…Except the ones that aren’t a size 10 or below. They should weep.
It’s a new year and a new niece! Today’s conversation feature a super hyper, e-number addicted, 8 year old. She, and her younger sister were staying over with me and getting changed for bed/watching a movie with the best aunt of all time, my younger niece was very excited because she got to wear the new onsie she got for Christmas (Public Announcement: Onsies are fine if you are under 16. Adults who wear them cannot be my friends. Nick Clegg was never going to be my friend, but this includes him too). I asked why my 8 year old niece why she wasn’t wearing her’s and the reply was “It makes me look fat”.
Stop the bus at pleasant and nice and let’s take a detour down feminist avenue. a-thank you.
An 8 year old girl just said the words “It makes me look fat”. I stopped and looked a little stunned. I sat her down and asked why she thought she looked fat. She said it was because her belly stuck out. I then asked why that was a bad thing and she said “that’s not what people say you should look like, you’re meant to have a flat belly”. I then talked to her about how lots of people look different and that’s a good thing. I then explained that what we see around us isn’t always the right thing, sometimes what we see the most, is a message we shouldn’t be getting at all. She smiled, shrugged and went to put on a Shrek. All is well, apparently.
But it’s not. That’s a message she got at 8 years old and it’s a message she will get every year, every day, every advertisement throughout her life. Until she’s 40, where it’s less about her belly fat and more about her wrinkly face.
Appearance is something I have, and still do, struggle with. I don’t look like the size zero front page of Glamor Magazine or any flawless women on screen, I’ve never considered myself beautiful and probably never will – that’s ok, I’ve been told my personality is awesome. I spent my early teens being awkward and turned this awkwardness into a sarcastic comedy in a hope that the rest will not be noticed (tiny violin for me). As I got older, and where I am now, I’ve learnt to work what my mamma gave me and get over it (most days). I realised that everything I saw was Photoshoped or plastic and, most importantly, I understood that society and a multi-billion dollar industry just wanted me to feel bad. And that just wasn’t going to happen. However, I just happened to talk to the right people and read the right things that allowed me to take back control of the self esteem attached to my physical appearance, and even then, it’s not easy. I often slip into thinking negatively about my appearance and trying out the latest fad. (Give me a break, even Mary Poppins was only PRACTICALLY perfect in every way). There’s no formula, no sure way for me to assume my niece, or any young girl, will have that same experience. In fact, most of them grow up with a negative attitude towards their own bodies.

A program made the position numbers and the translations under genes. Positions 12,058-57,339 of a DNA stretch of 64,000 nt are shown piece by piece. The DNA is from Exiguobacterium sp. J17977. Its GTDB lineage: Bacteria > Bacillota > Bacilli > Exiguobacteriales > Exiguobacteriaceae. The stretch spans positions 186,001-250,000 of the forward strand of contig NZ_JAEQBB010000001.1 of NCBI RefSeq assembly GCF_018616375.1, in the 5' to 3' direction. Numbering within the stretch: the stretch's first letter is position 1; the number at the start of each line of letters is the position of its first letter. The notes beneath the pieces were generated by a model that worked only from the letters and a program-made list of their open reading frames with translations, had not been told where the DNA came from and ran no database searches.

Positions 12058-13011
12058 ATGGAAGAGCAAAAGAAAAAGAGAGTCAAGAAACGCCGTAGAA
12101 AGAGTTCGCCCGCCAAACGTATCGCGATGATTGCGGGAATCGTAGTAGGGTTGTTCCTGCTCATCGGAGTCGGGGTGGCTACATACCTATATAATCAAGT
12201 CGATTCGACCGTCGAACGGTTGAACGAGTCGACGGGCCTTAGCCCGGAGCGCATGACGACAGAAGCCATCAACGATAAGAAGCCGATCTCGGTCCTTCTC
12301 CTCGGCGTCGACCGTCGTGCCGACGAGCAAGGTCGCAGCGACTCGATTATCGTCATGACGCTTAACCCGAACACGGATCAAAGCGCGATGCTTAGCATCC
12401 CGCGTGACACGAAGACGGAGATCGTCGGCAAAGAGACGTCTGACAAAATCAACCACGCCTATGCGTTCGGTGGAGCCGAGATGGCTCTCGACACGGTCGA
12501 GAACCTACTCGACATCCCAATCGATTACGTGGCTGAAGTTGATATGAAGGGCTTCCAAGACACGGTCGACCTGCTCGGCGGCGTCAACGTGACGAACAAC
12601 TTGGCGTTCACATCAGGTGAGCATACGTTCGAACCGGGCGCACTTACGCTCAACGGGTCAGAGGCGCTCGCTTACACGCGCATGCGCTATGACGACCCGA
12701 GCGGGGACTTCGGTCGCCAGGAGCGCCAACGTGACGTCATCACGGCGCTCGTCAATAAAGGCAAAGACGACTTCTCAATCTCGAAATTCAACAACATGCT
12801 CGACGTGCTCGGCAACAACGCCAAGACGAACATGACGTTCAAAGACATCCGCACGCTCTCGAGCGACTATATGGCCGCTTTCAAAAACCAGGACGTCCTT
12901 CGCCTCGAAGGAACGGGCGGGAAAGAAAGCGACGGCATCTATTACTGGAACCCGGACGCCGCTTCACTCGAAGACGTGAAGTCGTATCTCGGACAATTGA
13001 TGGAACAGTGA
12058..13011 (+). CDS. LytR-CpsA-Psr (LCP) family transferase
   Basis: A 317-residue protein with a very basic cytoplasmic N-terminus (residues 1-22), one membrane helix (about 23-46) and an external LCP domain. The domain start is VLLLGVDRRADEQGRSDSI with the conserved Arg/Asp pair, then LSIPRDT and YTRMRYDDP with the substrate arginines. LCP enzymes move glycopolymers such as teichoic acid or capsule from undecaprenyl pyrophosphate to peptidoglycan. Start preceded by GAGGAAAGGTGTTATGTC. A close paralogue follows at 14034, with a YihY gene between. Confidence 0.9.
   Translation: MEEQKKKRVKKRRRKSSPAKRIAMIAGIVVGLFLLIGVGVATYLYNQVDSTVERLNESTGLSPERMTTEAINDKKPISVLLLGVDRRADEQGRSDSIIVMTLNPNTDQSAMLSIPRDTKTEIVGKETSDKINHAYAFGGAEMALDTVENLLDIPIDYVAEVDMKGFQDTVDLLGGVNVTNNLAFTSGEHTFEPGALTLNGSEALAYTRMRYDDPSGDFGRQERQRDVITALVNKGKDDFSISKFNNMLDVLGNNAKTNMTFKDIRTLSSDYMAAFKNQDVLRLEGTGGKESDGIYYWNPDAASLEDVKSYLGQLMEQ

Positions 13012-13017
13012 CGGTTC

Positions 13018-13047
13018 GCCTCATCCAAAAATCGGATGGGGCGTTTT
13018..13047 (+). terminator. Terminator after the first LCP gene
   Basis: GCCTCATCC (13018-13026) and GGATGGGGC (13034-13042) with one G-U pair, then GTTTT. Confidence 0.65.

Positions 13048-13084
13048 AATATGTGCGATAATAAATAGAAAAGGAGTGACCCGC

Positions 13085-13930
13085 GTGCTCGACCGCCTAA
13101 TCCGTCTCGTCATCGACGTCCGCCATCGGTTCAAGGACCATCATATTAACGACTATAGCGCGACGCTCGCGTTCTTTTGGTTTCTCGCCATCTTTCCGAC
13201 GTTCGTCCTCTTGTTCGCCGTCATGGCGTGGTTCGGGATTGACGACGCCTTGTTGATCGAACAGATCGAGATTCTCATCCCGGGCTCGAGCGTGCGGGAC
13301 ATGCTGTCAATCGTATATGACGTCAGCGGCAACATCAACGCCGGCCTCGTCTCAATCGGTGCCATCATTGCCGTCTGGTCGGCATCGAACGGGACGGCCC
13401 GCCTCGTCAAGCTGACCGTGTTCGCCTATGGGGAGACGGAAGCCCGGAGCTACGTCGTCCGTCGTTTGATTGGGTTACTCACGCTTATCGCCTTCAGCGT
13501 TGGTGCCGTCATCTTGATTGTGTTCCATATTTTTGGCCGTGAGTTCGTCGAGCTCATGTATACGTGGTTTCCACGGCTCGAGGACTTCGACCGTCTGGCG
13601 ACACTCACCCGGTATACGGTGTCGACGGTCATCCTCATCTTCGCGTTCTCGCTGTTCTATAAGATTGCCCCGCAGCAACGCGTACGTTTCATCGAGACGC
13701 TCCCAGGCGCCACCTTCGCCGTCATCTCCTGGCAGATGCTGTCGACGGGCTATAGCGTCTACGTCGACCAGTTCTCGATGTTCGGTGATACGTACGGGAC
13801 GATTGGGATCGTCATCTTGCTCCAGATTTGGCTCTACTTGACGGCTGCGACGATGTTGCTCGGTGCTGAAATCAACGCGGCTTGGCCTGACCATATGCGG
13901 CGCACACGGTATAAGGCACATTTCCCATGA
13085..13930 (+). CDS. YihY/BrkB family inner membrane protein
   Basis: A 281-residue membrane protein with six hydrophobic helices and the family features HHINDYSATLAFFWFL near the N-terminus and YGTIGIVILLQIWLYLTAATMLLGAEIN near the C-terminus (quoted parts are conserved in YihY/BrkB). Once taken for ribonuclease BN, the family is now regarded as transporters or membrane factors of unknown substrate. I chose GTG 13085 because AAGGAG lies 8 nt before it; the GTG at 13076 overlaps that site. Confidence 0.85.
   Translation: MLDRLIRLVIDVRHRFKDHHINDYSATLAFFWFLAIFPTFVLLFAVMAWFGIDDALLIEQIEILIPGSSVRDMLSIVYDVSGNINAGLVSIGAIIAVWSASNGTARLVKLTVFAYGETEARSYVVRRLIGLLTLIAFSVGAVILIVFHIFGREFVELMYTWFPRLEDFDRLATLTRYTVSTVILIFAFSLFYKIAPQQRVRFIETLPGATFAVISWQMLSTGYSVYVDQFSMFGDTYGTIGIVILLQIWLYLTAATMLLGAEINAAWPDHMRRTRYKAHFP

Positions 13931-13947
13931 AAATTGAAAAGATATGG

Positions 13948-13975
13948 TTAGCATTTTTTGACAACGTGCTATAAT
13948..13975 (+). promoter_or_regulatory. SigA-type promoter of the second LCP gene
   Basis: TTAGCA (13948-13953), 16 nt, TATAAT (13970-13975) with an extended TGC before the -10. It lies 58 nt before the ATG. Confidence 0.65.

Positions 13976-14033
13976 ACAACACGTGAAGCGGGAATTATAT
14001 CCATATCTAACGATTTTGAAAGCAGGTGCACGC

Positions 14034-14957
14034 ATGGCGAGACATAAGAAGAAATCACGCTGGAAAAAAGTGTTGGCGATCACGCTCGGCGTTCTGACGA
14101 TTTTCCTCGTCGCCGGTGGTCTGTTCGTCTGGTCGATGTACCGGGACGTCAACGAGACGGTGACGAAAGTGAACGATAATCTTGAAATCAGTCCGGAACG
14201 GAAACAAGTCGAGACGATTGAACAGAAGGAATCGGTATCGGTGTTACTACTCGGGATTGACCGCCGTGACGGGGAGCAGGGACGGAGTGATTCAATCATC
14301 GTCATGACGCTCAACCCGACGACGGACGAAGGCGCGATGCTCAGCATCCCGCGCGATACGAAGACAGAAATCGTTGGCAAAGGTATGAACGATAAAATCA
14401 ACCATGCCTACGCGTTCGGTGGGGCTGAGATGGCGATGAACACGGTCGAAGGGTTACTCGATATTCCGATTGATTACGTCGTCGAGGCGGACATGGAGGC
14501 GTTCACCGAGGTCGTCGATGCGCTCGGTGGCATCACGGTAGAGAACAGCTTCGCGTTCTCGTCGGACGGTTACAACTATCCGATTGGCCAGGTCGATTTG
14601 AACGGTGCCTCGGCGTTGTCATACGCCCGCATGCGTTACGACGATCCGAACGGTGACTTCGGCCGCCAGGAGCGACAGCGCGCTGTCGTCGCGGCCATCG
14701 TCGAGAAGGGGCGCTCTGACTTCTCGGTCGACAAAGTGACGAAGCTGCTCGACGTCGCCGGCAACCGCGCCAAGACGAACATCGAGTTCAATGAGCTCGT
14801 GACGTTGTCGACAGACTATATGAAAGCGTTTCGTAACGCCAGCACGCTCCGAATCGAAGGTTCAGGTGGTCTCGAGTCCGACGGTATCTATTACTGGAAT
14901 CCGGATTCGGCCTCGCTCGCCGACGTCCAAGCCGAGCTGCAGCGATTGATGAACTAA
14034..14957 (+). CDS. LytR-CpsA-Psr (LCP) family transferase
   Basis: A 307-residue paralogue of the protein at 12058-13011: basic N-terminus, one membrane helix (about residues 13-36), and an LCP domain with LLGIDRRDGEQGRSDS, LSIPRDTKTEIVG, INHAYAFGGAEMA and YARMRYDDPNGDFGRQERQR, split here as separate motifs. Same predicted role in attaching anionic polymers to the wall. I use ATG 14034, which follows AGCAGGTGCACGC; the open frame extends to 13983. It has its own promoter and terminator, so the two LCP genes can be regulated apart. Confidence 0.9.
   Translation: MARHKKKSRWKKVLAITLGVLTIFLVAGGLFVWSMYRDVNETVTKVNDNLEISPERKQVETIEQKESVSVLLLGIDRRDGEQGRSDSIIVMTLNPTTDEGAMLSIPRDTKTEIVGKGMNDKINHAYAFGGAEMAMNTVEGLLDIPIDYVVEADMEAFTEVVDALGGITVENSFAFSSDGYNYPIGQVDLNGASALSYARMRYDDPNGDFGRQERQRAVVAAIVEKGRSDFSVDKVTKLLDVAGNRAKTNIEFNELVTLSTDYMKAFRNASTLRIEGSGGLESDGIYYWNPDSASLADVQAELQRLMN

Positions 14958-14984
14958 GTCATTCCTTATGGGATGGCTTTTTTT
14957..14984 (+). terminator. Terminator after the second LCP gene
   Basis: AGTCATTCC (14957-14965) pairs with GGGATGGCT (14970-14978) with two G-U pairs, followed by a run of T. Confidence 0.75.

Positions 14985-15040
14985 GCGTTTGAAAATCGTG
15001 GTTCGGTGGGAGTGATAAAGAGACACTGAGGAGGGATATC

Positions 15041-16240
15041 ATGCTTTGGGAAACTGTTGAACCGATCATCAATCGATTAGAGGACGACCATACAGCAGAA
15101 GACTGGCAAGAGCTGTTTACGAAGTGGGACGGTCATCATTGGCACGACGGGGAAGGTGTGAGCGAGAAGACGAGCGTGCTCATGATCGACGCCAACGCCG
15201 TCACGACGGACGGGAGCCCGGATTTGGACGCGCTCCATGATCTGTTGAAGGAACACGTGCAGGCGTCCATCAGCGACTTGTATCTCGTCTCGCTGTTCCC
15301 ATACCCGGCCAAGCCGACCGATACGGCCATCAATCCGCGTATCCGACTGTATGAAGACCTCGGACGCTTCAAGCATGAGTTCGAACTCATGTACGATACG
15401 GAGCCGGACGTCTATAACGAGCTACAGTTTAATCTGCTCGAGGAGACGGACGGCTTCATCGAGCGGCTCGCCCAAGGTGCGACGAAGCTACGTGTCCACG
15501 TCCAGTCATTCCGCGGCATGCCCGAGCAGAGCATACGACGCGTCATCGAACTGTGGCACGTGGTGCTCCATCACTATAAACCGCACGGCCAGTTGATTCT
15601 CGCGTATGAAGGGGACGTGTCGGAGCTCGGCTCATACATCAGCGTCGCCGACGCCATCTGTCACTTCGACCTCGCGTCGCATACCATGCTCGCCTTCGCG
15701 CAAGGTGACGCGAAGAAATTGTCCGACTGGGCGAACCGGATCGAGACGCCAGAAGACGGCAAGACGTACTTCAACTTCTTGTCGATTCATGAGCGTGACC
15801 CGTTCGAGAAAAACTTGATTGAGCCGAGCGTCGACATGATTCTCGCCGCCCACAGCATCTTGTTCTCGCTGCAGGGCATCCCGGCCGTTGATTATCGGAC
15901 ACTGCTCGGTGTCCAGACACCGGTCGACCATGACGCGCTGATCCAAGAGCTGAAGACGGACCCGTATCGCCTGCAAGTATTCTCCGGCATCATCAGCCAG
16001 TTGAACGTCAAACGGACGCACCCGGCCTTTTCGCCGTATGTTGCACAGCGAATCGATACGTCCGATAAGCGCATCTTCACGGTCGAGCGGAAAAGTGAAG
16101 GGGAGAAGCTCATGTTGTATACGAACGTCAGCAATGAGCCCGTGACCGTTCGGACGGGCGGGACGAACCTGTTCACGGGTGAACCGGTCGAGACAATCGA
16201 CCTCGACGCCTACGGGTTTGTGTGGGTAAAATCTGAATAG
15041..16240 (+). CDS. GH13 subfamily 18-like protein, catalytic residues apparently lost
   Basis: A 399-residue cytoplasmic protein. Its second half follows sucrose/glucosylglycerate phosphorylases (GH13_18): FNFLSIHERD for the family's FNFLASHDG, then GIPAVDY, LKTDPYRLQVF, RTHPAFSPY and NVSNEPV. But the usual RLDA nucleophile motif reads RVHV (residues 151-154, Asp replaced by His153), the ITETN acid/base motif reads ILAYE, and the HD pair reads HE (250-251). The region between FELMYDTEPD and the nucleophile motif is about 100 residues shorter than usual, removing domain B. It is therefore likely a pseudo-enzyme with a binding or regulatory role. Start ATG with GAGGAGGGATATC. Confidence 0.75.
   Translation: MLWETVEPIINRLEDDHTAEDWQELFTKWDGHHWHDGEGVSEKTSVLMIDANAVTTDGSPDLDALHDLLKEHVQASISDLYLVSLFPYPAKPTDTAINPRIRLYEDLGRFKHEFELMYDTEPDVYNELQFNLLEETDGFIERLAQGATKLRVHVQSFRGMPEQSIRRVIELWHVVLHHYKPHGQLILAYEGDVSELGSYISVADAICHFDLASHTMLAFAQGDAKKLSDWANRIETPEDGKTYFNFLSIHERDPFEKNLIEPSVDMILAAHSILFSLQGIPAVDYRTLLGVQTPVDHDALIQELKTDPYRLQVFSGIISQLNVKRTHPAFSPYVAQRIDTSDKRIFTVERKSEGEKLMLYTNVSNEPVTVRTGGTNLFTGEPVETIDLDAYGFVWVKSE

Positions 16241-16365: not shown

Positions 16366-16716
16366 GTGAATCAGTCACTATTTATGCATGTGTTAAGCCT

But, some days even the knowledge of patriarchy’s shitty behaviour, doesn’t stop you feeling rubbish. The days I speak of usually happen in January where every magazine is full off “New Year, New Body” crap and every advert is for weight loss.
They told us to eat Lindt chocolate till we exploded in December, and now they are spamming us with Acai berry miracle fat loss. Marketing backstabbers.
I counted, and in January, so far, I have received 62 emails about radical/miracle/as seen on TV weight loss products. But you can’t get away if you try…even if you have some kind of tiny person inside your computer with a fishing net acting as a virtual spam blocker.
Here are the covers of January’s magazines
You want a detox for the New Year? Detox your mind of sexism, sexist behaviour and sexist messages. How? 3 healthy and balanced meals of chewing up patriarchy and spitting it back out (with a side of cake).